Congratulations to Chris McGann for recently being awarded the New Zealand Geotechnical Society Geomechanics Award. He led a paper “Development of an empirical correlation for predicting shear wave velocity of Christchurch soils from cone penetration test data,” (published in Soil Dynamics & Earthquake Engineering, 75, 66-75, 2015) . The paper was authored with Brendon A. Bradley (University of Canterbury); Merrick L. Taylor (Arup); Liam M. Wotherspoon (University of Auckland); and Misko Cubrinovski (University of Canterbury).
We decided to dig deeper and while we felt we had experienced a fair amount of soil looseness since 2011, decided to start with a more scientific understanding the importance of ‘soil stiffness’.
Why is understanding ‘soil stiffness’ important when it comes to understanding how the earth shakes and moves.
The magnitude and distribution of stiffness in the soil profile below a site plays a critical role in how earthquake ground motions coming from the underlying bedrock are amplified or de-amplified at the ground surface. In terms of magnitude, softer soils will tend to amplify lower frequency parts of the motion, while stiffer soils will amplify higher frequencies. In terms of distribution, the presence of large abrupt changes in stiffness between layers will also strongly influence the site effects. The shear wave velocity profile of a site provides the information necessary to account for these site specific effects in engineering analysis as shear wave velocity is directly proportional to small strain shear stiffness.
There’s an unprecedented dataset in the Christchurch region and this is a low-cost experimental method – in what way is this important globally? Who would be interested in this, and in what parts of the world?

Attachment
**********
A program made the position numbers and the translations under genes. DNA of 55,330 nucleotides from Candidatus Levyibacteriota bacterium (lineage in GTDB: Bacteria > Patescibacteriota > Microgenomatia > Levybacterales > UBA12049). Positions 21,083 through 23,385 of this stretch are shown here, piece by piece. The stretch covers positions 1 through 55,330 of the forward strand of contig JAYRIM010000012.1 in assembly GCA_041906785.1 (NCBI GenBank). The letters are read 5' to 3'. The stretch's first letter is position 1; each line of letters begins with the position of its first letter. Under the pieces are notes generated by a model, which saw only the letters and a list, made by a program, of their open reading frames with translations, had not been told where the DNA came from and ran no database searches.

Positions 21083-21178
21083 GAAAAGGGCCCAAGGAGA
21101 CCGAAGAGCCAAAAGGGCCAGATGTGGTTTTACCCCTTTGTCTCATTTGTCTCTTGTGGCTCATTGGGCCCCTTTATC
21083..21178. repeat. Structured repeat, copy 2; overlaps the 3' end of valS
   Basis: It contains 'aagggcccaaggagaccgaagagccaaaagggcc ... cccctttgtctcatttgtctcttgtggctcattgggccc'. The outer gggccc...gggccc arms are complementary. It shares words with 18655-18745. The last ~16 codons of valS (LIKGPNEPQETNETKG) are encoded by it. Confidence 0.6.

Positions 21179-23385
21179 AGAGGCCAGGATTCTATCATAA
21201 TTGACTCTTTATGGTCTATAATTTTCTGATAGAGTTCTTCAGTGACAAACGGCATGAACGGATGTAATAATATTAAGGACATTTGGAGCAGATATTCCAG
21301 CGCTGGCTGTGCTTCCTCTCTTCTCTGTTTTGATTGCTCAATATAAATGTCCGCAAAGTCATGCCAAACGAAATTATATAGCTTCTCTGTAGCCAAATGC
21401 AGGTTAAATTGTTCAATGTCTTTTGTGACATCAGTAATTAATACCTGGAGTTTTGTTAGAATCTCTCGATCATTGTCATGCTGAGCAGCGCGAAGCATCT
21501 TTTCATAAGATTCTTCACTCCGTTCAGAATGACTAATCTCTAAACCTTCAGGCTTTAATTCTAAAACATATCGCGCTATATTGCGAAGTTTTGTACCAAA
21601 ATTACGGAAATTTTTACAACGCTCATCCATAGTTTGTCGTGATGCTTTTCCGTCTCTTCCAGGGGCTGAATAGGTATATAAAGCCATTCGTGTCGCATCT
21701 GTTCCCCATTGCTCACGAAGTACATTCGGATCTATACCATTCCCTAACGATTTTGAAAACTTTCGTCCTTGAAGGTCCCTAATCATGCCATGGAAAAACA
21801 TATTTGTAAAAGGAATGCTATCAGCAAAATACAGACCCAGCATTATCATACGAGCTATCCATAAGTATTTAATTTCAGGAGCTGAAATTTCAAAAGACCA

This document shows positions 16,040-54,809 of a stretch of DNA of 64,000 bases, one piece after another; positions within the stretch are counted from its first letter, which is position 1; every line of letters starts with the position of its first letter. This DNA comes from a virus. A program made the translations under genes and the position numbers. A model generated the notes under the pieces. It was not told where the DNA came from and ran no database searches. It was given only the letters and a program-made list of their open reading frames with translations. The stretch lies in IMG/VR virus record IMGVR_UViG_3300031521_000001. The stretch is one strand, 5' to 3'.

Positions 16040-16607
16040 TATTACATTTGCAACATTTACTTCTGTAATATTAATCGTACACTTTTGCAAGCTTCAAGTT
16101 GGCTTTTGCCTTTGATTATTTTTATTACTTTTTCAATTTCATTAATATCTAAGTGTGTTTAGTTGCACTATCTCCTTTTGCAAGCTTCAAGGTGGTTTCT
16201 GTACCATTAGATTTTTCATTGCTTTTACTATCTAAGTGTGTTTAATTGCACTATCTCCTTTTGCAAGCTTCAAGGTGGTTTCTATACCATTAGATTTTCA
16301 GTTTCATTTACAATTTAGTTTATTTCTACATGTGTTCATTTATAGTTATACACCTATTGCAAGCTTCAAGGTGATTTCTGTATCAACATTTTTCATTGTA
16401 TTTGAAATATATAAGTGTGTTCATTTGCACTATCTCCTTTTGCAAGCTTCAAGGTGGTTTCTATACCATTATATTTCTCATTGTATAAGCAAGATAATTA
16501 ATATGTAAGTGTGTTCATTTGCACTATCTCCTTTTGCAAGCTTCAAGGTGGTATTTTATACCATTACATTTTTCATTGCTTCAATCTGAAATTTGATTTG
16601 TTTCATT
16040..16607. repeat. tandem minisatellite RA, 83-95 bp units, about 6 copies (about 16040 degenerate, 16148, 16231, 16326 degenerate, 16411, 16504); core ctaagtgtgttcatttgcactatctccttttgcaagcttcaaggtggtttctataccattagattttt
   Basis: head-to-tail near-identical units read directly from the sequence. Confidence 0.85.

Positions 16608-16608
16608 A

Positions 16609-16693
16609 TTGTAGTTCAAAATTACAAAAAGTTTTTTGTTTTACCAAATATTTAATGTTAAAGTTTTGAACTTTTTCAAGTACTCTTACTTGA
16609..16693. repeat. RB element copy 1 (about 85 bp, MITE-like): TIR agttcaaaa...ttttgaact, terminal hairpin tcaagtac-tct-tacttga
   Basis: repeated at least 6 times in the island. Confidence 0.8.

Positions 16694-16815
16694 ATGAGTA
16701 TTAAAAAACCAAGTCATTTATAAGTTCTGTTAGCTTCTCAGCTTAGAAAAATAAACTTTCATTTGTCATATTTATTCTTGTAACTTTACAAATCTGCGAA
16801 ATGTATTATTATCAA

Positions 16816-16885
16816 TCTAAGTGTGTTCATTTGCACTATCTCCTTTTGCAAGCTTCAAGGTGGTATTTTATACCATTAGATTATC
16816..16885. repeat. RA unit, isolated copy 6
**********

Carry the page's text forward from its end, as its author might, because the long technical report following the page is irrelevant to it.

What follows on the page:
The correlation between cone penetration test (CPT) data and shear wave velocity developed in this work combined with the unprecedentedly large and spatially dense CPT data set made available through the New Zealand Geotechnical Database project enables an assessment of the spatial variability of shear wave velocity across the region that hasn’t ever been possible before at this scale and resolution anywhere in the world. Establishing a sensible way to account for the inherent variability of soils in engineering analysis is an important topic of research, and researchers all over the world are interested in the insights that the Christchurch dataset can provide.
Can you describe a place/context out in the field in the Christchurch region which demonstrates your work in a practical way?
The two strong motion stations in Lyttelton provide a textbook example of the importance of local site effects. One station is sited on rock, while the other is sited on soft soils. The ground motions from the February 2011 earthquake recorded at these sites are dramatically different, with the softer site showing a large amplification at lower frequencies relative to the rock site. Because the position and distance of these stations relative to the earthquake source are essentially identical, any differences in the recorded ground motions can be attributed to site effects and the dramatic differences observed for the February event highlight the importance of the soil stiffness in the surficial ground motions.